CGC Registry

Marvel's The Transformers


Set Type: Transformers (1984)
Owner: AlphaPrimeIan
Last Modified: 4/7/2019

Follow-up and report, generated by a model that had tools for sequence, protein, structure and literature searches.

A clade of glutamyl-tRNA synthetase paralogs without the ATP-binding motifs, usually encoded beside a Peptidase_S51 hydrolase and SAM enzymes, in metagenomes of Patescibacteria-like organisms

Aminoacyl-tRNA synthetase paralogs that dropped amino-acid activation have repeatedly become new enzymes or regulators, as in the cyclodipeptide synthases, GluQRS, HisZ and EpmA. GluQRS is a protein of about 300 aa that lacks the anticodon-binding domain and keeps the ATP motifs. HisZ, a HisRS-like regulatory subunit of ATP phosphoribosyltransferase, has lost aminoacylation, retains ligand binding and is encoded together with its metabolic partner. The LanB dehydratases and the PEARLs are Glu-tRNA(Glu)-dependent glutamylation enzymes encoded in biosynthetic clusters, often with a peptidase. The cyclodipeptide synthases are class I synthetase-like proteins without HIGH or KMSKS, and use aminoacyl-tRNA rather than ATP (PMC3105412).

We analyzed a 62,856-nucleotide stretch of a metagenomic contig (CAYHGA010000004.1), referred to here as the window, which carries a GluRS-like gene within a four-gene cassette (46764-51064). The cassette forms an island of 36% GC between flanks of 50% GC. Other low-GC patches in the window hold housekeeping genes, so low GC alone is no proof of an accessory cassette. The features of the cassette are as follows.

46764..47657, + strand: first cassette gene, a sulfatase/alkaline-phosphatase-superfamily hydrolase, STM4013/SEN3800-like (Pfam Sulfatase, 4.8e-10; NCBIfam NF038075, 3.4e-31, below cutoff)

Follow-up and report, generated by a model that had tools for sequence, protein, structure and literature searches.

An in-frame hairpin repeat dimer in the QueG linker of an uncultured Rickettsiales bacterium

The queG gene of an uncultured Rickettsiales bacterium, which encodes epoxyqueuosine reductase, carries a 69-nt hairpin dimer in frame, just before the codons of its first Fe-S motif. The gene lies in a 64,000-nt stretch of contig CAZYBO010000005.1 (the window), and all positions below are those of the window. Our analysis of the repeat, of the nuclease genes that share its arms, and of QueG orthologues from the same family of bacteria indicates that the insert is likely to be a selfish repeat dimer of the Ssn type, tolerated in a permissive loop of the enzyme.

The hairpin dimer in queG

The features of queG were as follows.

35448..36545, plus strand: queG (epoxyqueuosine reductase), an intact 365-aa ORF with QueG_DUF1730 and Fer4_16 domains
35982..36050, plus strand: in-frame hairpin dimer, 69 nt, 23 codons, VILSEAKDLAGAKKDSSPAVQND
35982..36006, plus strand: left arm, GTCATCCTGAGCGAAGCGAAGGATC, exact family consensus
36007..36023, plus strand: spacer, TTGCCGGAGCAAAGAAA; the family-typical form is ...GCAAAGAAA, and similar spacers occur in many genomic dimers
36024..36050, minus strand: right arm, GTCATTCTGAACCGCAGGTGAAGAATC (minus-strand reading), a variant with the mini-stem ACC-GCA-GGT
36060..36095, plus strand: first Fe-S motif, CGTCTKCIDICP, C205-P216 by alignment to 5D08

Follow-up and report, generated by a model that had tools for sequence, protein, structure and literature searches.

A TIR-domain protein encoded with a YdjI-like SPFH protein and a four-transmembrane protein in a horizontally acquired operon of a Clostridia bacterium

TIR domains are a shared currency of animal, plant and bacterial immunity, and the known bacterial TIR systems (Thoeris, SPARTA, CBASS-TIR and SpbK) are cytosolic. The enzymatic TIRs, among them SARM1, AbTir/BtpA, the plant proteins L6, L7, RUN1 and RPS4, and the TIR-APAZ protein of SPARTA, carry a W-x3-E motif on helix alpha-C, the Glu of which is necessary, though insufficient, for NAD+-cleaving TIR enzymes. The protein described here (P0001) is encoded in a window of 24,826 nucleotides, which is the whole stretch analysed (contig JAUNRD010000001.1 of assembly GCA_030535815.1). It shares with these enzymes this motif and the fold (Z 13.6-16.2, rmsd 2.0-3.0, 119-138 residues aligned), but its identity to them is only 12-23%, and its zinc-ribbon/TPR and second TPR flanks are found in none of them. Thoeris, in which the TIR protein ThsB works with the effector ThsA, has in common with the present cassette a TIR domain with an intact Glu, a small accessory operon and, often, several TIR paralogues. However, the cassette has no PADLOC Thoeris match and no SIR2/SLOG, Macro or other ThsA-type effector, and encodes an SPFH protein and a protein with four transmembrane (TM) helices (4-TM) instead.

Views: 390

Award Time Rank: 1
Award Time Score: 5380


Set Description